If you want performance out of your people it is time that you start coaching them. Engage them, encourage them, reward them and coach them. Provide them with the tools that they need to make an impact in the organization. Talk with them about what your vision is, give them tips on how to succeed in the organization and then get of the way. Let them do their thing. But, do not disappear on them.
You need to stay close, but not burdensome; you need to be there to provide the right guidance when needed. And, perhaps most importantly, you need to know when to step away. This is not rocket science, but it is an art and a science. You need to become adept at reading your people and understanding when you need to be there for them, and the science is in how you show up for your people.
If done wisely, your coaching sessions can replace your performance management conversations. It is unlikely that you will be able to sway your company to drop performance management completely, so it is important that you set proper expectations with your people. Not every coaching conversation should be a part of the formal performance record. You need to create a space where it's ok to provide coaching and guidance. A space where employees understand that coaching is not a form of discipline and that it isn't something that will always land in the formal record. That being said, it is also important to make it clear that if the guidance provided in some of the coaching sessions continues to go unheeded and performance continues to dip, it may very well become a part of the formal performance process.
Coaching is a balance between art and science. You do not want to appear that you are micro-managing your people, but you do not want to leave them in the wilderness. To become a good coach, you should think about the dynamics at play that include the culture of the organization, the business goals and objectives, the interpersonal relationships and the hard science of how to get results in a competitive environment.
This is your team, it is time to step up and coach... and then get out of the way and let them do their thing.
This may sound glib at first, but it's really true. Having a regular income means that you can avoid many of <a href="http://www.cdc.gov/nchs/data/hus/hus11.pdf#glance" target="_hplink">the health pitfalls of poverty and profound poverty</a>. These include, according to the CDC, access to health care, management of chronic conditions, a healthful, nutritious diet, regular exercise, a reduction in stress and overall good mental health. And, as we covered recently, <a href="http://www.huffingtonpost.com/susan-redline-md-mph/sleep-apnea-poverty_b_1837805.html?utm_hp_ref=healthy-living" target="_hplink">sleep problems can disproportionately affect the poor</a>.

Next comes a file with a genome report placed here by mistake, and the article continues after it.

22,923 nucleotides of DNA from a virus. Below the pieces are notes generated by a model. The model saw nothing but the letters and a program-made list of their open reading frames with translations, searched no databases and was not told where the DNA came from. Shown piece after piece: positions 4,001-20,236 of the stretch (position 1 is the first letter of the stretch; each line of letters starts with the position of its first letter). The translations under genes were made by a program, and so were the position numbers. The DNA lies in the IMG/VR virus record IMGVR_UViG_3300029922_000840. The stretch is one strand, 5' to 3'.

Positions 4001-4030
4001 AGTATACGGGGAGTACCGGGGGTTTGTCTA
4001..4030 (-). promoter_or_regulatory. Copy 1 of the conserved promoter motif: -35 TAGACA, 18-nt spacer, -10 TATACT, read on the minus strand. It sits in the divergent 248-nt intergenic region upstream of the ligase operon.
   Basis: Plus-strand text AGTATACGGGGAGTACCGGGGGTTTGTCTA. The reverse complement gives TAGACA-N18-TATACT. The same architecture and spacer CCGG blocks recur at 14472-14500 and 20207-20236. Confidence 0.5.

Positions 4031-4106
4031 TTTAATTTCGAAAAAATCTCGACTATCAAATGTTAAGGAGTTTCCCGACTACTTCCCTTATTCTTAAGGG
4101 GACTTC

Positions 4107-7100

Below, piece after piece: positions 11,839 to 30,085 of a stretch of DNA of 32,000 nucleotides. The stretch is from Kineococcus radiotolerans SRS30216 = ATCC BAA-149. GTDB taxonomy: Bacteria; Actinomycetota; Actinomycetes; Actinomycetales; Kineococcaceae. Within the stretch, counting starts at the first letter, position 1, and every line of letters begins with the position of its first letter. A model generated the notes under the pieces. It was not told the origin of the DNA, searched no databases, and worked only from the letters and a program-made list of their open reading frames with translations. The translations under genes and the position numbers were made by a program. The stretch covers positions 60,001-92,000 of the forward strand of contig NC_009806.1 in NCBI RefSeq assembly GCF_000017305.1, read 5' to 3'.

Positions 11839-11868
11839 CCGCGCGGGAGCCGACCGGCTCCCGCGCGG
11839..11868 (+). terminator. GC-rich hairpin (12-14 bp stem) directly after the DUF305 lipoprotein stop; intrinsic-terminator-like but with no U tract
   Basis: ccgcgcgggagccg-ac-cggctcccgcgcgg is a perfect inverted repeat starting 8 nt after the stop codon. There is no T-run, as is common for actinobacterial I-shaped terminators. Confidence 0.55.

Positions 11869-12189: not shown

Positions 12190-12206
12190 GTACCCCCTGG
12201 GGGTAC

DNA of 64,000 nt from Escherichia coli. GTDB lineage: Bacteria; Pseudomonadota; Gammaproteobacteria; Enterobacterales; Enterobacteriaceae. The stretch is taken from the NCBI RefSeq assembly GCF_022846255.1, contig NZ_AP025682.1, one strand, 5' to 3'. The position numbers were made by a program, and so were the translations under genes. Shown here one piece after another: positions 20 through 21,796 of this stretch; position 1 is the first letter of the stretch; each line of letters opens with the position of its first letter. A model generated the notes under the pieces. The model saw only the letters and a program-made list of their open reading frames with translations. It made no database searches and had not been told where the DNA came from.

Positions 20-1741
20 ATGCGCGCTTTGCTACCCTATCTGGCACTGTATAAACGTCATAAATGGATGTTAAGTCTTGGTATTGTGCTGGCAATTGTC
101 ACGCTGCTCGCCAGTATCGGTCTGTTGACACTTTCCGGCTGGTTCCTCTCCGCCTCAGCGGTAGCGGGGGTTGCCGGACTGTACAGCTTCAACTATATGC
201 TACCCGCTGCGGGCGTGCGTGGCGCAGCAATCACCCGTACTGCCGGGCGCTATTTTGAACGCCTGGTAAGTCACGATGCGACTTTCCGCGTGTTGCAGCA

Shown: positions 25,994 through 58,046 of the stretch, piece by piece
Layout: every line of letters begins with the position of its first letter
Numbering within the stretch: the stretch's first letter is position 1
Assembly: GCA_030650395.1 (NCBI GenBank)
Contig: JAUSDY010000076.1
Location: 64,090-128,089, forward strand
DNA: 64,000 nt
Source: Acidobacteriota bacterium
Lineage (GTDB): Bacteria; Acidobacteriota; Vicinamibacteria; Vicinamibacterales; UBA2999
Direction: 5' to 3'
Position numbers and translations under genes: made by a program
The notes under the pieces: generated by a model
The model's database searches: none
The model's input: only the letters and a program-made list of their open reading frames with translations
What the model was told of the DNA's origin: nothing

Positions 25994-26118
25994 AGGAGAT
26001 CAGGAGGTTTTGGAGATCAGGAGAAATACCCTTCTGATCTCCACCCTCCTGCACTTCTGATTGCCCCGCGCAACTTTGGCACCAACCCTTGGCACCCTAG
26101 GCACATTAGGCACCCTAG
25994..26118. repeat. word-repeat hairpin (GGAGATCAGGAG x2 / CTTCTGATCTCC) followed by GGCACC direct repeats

Sure the Affordable Healthcare for America Act will help close the gap, but having employer-based insurance is a major indicator of healthfulness. Not only do these insurance plans make it easier to have regular check ups and continuous medication coverage, <a href="http://www.dol.gov/ebsa/publications/10working4you.html" target="_hplink">they often offer wellness incentives</a>, like discounted gym memberships, smoking cessation programs and weight loss counseling.
Research shows that people who have good relationships with coworkers <a href="http://health.usnews.com/health-news/family-health/brain-and-behavior/articles/2011/08/11/getting-along-with-coworkers-may-add-years-to-your-life" target="_hplink">actually live longer</a>. They also report greater happiness and life satisfaction. Overall, belonging to a group provides a social safety net that is <a href="http://www.theatlantic.com/health/archive/2011/03/the-longevity-project-decades-of-data-reveal-paths-to-long-life/72290/" target="_hplink">associated with longevity.</a>
For those who have been unemployed -- especially due to injury or illness -- evidence shows that <a href="http://www.dwp.gov.uk/docs/hwwb-is-work-good-for-you.pdf" target="_hplink">returning to work can speed recovery</a>.
Work is often tied up in our sense of purpose and one indication of that is the growing number of people who choose to keep working into old age. Dr. Robert Butler, founding director of the National Institute on Aging and CEO of the International Longevity Center <a href="http://www.npr.org/templates/story/story.php?storyId=4751367" target="_hplink">told NPR</a> that older adults may continue working because "they have something to get up for in the morning. It gives them a real goal, a sense of meaning."
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